• The practice gave patients timely support and information.
  • The GP patient survey results were in line with local and national averages and had increased in some areas following the February 2018 inspection. For example patients were more satisfied with the amount of time they had for their appointment and that they were treated with care and concern.

Involvement in decisions about care and treatment

Staff helped patients to be involved in decisions about care and treatment. They were aware of the Accessible Information Standard (a requirement to make sure that patients and their carers can access and understand the information that they are given.)

  • Staff communicated with people in a way that they could understand, for example, communication aids and easy read materials were available.
  • Staff helped patients and their carers find further information and access community and advocacy services. They helped them ask questions about their care and treatment.
  • The practice proactively identified carers and supported them.
  • The GP patient survey results were in line with local and national averages and had increased in some areas following the February 2018 inspection. For example, an increased number of patients felt they were as involved as they would like to be with regards to their care and treatment.

Privacy and dignity

The practice respected patients’ privacy and dignity.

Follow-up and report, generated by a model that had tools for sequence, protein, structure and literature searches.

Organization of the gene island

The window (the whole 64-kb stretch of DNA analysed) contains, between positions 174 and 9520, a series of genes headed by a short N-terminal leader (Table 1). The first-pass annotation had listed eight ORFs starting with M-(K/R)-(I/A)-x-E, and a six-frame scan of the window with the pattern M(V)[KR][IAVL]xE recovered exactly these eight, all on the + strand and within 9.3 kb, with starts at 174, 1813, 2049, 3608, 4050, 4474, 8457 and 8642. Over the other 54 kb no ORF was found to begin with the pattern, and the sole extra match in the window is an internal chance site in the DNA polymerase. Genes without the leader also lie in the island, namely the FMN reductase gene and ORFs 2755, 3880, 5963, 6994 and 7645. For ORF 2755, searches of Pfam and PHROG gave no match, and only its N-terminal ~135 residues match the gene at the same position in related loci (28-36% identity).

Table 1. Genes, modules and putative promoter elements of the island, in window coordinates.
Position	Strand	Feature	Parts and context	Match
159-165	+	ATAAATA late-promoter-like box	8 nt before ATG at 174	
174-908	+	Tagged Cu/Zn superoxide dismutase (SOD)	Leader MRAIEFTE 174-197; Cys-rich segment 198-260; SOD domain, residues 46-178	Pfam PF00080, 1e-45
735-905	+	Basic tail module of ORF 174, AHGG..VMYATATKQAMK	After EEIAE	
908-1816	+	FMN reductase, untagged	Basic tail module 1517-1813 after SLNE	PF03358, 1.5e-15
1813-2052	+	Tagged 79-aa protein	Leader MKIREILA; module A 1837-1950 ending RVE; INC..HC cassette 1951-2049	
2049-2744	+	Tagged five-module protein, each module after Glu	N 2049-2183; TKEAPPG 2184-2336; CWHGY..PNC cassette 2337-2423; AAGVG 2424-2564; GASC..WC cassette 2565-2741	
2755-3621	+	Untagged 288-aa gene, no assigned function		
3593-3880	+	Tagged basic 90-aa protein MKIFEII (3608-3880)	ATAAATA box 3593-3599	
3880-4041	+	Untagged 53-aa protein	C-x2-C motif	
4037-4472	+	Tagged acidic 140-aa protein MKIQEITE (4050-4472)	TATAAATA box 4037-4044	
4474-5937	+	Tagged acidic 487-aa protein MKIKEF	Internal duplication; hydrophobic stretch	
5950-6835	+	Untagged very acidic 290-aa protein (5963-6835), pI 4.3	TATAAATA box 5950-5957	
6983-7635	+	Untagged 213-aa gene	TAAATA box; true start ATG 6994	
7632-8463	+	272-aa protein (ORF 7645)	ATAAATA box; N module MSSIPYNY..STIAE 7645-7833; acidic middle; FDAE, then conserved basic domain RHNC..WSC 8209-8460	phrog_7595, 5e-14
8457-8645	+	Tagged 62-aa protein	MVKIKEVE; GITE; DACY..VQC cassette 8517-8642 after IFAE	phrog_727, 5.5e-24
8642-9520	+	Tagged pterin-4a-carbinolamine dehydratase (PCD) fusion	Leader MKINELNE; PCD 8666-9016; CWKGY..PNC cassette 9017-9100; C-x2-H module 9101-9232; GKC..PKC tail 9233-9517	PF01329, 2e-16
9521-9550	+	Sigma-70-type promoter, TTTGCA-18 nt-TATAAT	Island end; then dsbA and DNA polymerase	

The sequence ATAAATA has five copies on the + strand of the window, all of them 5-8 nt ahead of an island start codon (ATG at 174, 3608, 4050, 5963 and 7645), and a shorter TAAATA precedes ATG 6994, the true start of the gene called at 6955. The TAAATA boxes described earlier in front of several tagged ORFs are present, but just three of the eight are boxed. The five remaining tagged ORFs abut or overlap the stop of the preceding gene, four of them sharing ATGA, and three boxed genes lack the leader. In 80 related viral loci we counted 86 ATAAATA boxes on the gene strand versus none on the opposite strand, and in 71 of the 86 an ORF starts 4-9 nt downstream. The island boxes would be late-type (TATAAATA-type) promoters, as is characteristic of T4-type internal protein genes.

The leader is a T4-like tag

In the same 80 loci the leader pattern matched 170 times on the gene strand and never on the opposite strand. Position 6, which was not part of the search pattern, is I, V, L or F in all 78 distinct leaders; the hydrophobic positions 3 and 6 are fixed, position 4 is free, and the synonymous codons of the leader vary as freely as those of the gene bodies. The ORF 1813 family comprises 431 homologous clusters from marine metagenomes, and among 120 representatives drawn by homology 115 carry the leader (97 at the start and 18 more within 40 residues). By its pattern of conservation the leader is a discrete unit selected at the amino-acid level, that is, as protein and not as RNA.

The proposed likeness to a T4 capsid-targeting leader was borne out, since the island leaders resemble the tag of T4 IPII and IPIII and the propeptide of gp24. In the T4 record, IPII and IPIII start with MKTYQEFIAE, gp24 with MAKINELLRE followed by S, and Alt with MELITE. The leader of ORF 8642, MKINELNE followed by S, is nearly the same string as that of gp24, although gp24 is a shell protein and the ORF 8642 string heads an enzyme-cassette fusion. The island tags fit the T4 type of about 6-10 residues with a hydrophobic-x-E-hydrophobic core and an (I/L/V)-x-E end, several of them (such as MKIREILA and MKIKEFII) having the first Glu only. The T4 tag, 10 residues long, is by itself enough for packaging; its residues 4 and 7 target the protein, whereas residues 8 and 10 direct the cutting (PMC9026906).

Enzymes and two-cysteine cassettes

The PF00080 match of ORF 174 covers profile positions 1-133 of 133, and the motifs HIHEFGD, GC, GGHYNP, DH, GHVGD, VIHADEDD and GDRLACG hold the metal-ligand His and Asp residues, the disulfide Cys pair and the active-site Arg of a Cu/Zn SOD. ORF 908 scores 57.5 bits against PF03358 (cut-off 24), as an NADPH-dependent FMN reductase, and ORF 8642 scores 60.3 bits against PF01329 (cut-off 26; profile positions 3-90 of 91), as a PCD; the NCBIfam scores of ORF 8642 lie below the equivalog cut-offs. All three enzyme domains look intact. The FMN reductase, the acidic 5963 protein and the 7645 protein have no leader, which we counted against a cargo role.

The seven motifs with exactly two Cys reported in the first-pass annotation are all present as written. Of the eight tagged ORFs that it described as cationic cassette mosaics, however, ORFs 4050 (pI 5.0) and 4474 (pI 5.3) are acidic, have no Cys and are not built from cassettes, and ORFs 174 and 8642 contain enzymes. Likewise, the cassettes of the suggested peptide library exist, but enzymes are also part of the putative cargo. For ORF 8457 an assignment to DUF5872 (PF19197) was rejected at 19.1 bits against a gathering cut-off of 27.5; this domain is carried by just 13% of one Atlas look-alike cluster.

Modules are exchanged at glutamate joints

• When patients wanted to discuss sensitive issues, or appeared distressed reception staff offered them a private room to discuss their needs.
  • Staff recognised the importance of protecting people’s dignity and respect. They challenged behaviour that fell short of this.

Please refer to the evidence tables for further information.

Responsive

Good

Updated 5 October 2018

We rated the practice, and all of the population groups, as good for providing responsive services.

Responding to and meeting people’s needs

The practice organised and delivered services to meet patients’ needs. Staff took account of patient needs and preferences.

  • The practice understood the needs of its population and tailored services in response to those needs.
  • Telephone consultations were available which supported patients who were unable to attend the practice during normal working hours.
  • The facilities and premises were appropriate for the services delivered.
  • The practice made reasonable adjustments when patients found it hard to access services.
  • The practice provided effective care coordination for patients who are more vulnerable or who have complex needs. They supported them to access services both within and outside the practice.
  • Care and treatment for patients with multiple long-term conditions and patients approaching the end of life was coordinated with other services.

Older people:

  • All patients had a named GP who supported them in whatever setting they lived, whether it was at home or in a care home or supported living scheme.
  • The practice was responsive to the needs of older patients, and offered home visits and urgent appointments for those with enhanced needs. The GP and practice nurse also accommodated home visits for those who had difficulties getting to the practice due to limited local public transport availability.